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Concept Twitter redesign brings rich profile pages to the social network

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nerby design
nerby design

Twitter's website makes it really easy to see updates from the people who you're following — but that's about it. Digging into another person's profile still lands you in a mess of replies, without any clear way to get a sense of what they're up to. Designer Fred Nerby has some ideas for how to change that: he's mocked up a conceptual design for Twitter that would make profile pages into a hotspot of content to be explored, highlighting everything from a user's popular conversations to their latest videos and best tweets.

Conversations become much richer

Nerby's design applies an image-heavy, flat look to Twitter's website. Fonts are big and thin, but they stand out among a wash of white space. One of the major standbys of each profile would be a revamped conversation view. Beside a user's recent tweets, a separate box would highlight their popular or recent chats. From there, visitors could easily view the chats, and even favorite and retweet them. The idea isn't so far out from Twitter's existing conversation views, but it makes them a lot more accessible — turning them into permanent, almost curated fixtures on a profile, which could better show others what someone is interested in.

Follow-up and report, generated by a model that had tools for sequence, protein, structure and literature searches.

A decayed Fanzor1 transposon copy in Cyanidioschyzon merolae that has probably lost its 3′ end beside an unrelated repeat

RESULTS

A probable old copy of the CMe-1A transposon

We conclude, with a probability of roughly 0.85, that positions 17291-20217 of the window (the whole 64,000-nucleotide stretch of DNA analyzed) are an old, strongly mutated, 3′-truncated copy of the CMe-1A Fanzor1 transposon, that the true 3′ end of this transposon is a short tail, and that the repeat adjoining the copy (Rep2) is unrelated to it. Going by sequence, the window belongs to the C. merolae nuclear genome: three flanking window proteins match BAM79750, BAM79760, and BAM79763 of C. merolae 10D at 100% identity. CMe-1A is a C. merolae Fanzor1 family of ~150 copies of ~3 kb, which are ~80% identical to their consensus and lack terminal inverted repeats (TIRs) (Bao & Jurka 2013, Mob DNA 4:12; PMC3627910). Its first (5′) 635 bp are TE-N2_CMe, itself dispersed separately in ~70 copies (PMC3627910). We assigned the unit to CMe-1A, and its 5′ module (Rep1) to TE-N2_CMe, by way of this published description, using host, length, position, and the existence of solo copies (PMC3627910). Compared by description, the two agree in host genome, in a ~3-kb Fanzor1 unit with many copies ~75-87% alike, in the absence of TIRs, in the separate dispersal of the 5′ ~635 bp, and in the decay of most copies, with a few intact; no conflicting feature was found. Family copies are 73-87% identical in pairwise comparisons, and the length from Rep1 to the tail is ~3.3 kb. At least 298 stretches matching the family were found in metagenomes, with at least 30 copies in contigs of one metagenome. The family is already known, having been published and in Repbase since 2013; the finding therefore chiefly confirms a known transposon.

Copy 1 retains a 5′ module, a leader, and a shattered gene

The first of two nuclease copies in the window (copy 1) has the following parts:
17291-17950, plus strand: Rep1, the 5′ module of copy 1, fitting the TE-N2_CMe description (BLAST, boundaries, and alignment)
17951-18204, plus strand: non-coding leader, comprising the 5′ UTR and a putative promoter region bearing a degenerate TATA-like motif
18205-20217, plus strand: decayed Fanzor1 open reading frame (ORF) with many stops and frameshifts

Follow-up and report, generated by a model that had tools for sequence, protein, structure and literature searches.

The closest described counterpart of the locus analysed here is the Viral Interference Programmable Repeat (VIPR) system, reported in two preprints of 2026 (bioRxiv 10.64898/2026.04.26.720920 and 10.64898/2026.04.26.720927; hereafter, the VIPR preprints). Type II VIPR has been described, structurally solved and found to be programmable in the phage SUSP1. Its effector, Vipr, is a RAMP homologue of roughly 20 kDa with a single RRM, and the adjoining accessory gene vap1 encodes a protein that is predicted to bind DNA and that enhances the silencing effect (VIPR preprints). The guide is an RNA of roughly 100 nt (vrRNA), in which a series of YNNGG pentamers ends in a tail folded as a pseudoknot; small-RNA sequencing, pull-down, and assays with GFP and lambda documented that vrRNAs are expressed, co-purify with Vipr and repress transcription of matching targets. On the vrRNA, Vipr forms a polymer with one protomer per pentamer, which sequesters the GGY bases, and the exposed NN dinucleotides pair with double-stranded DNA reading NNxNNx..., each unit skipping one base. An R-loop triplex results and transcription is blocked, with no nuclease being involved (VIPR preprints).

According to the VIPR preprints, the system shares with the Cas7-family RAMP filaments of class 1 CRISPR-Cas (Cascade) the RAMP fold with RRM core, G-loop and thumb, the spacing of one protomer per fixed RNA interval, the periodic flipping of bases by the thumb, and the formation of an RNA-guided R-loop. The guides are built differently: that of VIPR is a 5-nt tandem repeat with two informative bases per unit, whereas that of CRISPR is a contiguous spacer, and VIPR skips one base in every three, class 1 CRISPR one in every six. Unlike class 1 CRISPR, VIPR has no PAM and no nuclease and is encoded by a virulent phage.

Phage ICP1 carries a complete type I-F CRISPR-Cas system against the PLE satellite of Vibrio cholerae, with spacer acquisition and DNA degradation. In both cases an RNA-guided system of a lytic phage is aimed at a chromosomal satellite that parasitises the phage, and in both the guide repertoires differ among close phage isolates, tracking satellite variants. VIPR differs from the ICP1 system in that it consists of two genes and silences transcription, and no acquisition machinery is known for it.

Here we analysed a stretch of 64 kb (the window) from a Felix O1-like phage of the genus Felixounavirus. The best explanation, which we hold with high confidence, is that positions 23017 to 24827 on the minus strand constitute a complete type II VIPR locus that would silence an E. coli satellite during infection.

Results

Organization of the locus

That idea of curated profile elements is extended throughout the rest of Nerby's design concept. He envisions musicians being able to embed a stream of their latest album, or a magazine being able to promote a poll that would have respondents automatically tweeting out their answer. Taking a hint from Facebook's timeline and Pinterest's boards, Nerby is also suggesting a visual way to scroll through years' worth of tweet history and a collage to showcase a user's top tweets and images.

Nerby's design may be more cluttered than Twitter is today — and possibly even less useable for it — but his changes raise some interesting suggestions for how the social network could enhance exploration. It's something that Twitter has been trying to do for some time now with its Discover feature, but it's far from being a robust way to explore the vast network just yet. The full extent of Nerby's redesign can be seen right here.